For further information on the U.K. system, see U.K. Intellectual Property Office, Extending the Benefits of Collective Licensing: Consultation on the U.K.’s New Extended Collective Licensing System (2013), available at http://www.ipo.gov.uk/consult-2013-ecl.pdf (describing process for approving regulations to implement ECL regime); Enterprise and Regulatory Reform Act 2013, Part 6, Section 77, available at http://www.legislation.gov.uk/ukpga/2013/24/contents/enacted (setting out new statutory provisions establishing ECL regime in U.K.).
In June 2014, the Chinese Legislative Affairs Office of the State Council has decided to promulgate for public comments the full texts of the Copyright Law of the People's Republic of China (Revised Draft for Examination) submitted by the National Copyright Administration to the State Council for examination and its revision notes.
From the ECL clause of the newly drafted amendment of China’s Copyright Act, a CMO can apply to manage the extended collective license only when it is able to show its recruitment of a substantial number of rightholders. The new proposed Article 63 creates an ECL scheme for musical and audio visual works for karaoke bars:
“Article 63 Where an organization for collective administration of copyright can represent the interests of relevant right owners throughout the country as authorized by the right owners, it may exercise the copyright or related rights on behalf of all the right owners when their published musical or audio & video works are disseminated to the public through self-service karaoke systems and when their works are otherwise used, except where the right owners have declared in writing that the collective administration is not authorized:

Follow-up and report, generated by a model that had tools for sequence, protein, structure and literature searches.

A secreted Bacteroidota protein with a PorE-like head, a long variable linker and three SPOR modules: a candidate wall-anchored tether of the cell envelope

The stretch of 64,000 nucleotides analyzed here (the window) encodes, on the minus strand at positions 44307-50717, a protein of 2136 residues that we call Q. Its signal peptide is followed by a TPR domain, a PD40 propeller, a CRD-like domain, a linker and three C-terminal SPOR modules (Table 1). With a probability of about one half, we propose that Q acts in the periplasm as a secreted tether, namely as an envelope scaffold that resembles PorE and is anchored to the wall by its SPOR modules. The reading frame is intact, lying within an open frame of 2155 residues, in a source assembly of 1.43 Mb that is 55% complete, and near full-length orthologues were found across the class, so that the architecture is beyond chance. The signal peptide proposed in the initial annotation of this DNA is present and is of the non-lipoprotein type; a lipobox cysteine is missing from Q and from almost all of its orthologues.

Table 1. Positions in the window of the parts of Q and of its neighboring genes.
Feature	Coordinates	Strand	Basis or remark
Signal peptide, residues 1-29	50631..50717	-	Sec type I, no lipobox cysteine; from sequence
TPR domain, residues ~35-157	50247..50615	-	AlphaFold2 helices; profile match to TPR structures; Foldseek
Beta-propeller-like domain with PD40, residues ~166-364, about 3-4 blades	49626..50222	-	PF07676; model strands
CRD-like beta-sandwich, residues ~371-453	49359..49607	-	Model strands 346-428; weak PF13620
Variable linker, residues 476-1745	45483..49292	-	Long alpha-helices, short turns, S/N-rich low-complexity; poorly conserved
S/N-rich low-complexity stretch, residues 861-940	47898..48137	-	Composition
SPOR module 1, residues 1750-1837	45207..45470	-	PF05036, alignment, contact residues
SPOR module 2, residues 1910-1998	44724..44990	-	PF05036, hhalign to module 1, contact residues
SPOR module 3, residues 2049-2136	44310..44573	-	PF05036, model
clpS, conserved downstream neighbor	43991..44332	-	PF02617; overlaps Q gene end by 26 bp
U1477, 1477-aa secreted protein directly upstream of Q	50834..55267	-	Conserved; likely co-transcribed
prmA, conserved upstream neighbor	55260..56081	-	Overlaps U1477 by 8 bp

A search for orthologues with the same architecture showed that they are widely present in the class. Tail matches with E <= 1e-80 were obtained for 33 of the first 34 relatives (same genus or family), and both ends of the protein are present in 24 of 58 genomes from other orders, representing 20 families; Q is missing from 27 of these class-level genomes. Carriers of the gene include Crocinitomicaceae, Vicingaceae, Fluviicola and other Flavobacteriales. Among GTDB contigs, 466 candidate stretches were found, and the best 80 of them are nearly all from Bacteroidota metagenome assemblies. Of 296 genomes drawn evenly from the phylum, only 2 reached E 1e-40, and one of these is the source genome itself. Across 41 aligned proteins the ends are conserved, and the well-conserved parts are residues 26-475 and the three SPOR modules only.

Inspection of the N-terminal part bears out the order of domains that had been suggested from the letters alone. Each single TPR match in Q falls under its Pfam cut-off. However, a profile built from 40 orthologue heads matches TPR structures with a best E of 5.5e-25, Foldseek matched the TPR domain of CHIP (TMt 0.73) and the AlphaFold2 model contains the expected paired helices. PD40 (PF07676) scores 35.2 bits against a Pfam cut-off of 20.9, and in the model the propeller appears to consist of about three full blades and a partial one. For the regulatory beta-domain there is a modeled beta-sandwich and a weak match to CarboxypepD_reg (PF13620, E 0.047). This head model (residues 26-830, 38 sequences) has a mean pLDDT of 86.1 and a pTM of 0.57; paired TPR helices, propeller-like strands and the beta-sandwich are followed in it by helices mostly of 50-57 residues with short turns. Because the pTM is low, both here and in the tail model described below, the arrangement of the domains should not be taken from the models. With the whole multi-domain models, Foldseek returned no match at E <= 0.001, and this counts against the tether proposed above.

An organization for collective administration of copyright shall fairly treat all right owners in the transfer of relevant royalties.”
Tarja Koskinen-Olsson, Collective Management in the Nordic Countries, Ed. Daniel Gervais, Collective Management of Copyright and Related Rights, Second Edition, 2010
Henry Olsson, Ministry of Justice, Committee of Inquiry on the Copyright Law, Unofficial English Translation, Chapter 4. On Extended Collective Licenses, etc., September 2010
Ye Jiang,Changing Tides of Collective Licensing in China, 21 Michigan State International Law Review (2013): The article examines the reform of collective copyright licensing in China, incl. an ECL system as affirmed by Chinese legislature.
Gervais, Daniel (June 2003). "Application of an Extended Collective Licensing Regime in Canada: Principles and Issues Relating to Implementation" (pdf). Study prepared for the Department of Canadian Heritage. University of Ottawa. p. 5.
Olsson, Henry (10 March 2010). "The Extended Collective License As Applied in the Nordic Countries". Presentation at Kopinor 25th Anniversary International Symposium May 2005. Kopinor. Retrieved 14 November 2010
Olli Vilanka, Rough Justice or Zero Tolerance? - Reassessing the Nature of Copyright in Light of Collective Licensing (Part 1),https://helda.helsinki.fi/bitstream/handle/10227/661/vilanka.pdf?sequence=3
Introduction to Collective Management of Copyright and Related Rights, Document prepared by the International Bureau of WIPO. Available at: http://www.uatm.com.ua/laws/int/Introduction%20to%20Collective%20Management%20of%20Copyright%20and%20Related%20Rights.pdf